Overcome Common PWC Owner Mistakes

It’s a nice day and you’re heading out for a ride on the water. You’ve got you PWC trailered and all set to go. Then it hits you. Did you remember to check your drain plug? Sadly, many people remove them for various reasons and forget to put them in their rightful place; the hole. Always check your plug before hitting the water. It would be a bummer to jet around, only to notice you’re ski is taking on water. Back to the launch you go!

That darned safety lanyard is another item a rider should keep an eye on. There are stories of people who weren’t wearing lanyards when thrown from their skis. That’s when a danger factor comes into play. The ski can become torpedo-like and cause serious injury or damage to anything in its path. Wear your lanyard so you don’t become the kook of the day or danger man.

Next on the list is cranking your ski in the proper depth of water. Give it at least two feet water under the intake grate before starting, otherwise the impeller will act as a vacuum and suck up sand and other debris that can cause harm to your craft. Another habit to get into is to lift the stern up and down a few times after you pull the machine off the beach. This action will flush the pump area.

Speaking of flushing, make sure your machine is flushed properly, especially after riding in saltwater. This is one way to avoid costly repairs and to keep your ski running longer and better.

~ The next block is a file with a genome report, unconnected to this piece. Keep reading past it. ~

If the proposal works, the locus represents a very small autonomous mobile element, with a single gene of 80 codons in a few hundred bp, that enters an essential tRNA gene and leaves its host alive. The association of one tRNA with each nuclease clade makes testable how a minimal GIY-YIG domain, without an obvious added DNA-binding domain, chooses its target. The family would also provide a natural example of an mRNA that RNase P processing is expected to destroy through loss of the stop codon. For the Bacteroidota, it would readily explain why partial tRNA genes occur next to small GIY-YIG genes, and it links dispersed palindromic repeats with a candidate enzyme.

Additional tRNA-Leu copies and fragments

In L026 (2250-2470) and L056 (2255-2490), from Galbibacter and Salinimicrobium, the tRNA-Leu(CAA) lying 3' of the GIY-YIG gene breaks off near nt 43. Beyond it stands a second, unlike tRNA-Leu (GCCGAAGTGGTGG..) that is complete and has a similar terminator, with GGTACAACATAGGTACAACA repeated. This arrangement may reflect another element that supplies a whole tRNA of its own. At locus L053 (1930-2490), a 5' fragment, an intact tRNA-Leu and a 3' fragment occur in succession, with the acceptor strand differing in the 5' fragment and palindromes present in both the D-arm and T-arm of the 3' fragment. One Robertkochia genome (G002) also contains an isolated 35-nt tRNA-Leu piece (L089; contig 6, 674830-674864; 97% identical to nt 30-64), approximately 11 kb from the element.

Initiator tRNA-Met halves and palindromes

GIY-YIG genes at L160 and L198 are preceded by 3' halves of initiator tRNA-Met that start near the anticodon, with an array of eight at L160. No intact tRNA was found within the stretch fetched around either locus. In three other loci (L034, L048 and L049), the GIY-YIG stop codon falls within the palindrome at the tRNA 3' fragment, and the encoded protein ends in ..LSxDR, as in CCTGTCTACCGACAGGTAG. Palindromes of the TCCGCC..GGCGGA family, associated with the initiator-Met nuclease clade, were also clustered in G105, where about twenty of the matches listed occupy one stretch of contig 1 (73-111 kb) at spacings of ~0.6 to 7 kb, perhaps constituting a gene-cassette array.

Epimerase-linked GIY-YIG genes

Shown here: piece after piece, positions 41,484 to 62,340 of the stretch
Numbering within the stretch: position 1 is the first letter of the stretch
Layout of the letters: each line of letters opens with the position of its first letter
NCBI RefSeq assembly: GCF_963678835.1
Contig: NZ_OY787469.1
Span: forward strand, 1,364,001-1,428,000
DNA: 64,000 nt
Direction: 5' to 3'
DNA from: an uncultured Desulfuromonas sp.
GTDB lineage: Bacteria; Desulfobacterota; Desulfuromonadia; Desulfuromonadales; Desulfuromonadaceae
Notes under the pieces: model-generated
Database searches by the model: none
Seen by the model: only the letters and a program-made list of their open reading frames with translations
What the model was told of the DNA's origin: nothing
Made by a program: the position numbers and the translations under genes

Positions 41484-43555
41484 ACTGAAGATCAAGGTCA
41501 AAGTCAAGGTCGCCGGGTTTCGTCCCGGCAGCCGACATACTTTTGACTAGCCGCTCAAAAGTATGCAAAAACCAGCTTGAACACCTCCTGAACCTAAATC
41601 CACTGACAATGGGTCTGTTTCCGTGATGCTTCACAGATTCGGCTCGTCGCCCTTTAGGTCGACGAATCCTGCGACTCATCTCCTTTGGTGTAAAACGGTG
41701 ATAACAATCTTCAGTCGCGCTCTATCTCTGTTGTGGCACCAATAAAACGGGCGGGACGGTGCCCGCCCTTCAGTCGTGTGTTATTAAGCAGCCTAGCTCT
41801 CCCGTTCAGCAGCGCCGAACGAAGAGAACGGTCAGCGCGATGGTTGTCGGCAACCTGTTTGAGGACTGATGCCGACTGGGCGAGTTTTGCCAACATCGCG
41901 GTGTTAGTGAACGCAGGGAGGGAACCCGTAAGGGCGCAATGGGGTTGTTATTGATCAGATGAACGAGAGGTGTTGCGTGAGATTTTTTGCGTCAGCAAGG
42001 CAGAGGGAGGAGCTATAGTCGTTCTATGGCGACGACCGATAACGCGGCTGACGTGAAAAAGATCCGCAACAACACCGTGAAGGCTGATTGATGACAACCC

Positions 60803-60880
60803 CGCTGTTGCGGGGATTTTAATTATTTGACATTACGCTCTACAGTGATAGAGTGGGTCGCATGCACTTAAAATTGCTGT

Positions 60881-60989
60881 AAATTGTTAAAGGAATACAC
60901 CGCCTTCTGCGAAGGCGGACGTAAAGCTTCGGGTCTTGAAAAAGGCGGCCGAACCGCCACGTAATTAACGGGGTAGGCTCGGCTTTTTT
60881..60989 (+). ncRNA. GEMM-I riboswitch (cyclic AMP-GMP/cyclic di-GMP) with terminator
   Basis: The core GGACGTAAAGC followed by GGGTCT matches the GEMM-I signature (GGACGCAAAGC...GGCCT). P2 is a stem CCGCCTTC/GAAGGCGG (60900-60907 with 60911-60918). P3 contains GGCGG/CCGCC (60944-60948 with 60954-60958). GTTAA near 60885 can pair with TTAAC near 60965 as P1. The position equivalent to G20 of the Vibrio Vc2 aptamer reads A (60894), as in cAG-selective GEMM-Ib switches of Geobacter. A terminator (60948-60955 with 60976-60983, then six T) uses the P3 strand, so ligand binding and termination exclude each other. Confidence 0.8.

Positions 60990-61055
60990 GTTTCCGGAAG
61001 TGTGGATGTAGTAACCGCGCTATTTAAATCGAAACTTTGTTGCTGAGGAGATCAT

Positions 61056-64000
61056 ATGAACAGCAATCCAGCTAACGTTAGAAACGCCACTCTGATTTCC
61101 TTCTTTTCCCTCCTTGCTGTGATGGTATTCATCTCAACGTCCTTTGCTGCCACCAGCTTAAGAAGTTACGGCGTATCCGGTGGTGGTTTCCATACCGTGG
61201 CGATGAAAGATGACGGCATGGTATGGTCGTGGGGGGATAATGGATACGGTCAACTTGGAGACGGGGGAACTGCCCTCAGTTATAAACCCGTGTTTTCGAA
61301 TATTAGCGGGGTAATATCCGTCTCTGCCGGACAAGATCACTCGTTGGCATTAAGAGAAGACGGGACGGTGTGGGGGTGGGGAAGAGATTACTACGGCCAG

The proper steps to flushing are:
1. Hook up the flush hose before turning on the water.
2. Crank the engine.
3. Now turn on the water.
4. Follow your owner’s manual instructions. Different flushing methods apply to each brand.
5. When finished, follow the steps in reverse order.

Moving onto docking. PWC’s aren’t meant for docking since they are easily susceptible to scratches and dings. However, if you must dock, here are some solutions. Aftermarket pop-up cleats are available if you don’t mind drilling a few holes in your watercraft.

Also, a few manufacturers offer cleats or tie downs as accessories. Fenders built for PWC’s are another option. Your craft may still slip under or into a dock, so it’s important to pay attention to tides and winds. Also, the wake of boat traffic may cause your PWC to slam into a dock. Your best bet is to beach the machine if possible. If you must dock it, secure it with lines as well as possible.

These 5 simple steps will help extend the life of your ski and maybe your own.

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Ocean Priselac

An avid mountain and bodyboarder who lives by "if you don't go, you'll never know," with an affinity for wildlife and animal rescue; surf forecasting is a huge part of Ocean's life and was a winner in Red Bull's Project Swell several years ago. The 2014 LB2CAT was her first jet ski competition and can't wait to do it again!


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  1. Avatar
    Carl 9 January, 2018 at 02:55 Reply

    Great tips but you have made no ref to anchor your jetski and stating beaching your ski is the best bet. I always put my jetski on anchor and beaching would be a last resort. I understand that the sea in other parts of the world are different and beaching may be best. I’m from the UK and local to small pebble beaches which would make damages to the hull very quickly if you were to beach, saying that I still have seen people who do this but can only assume they have more money then sense or be of the same skill set of the cast of Dangerous Waters lol.

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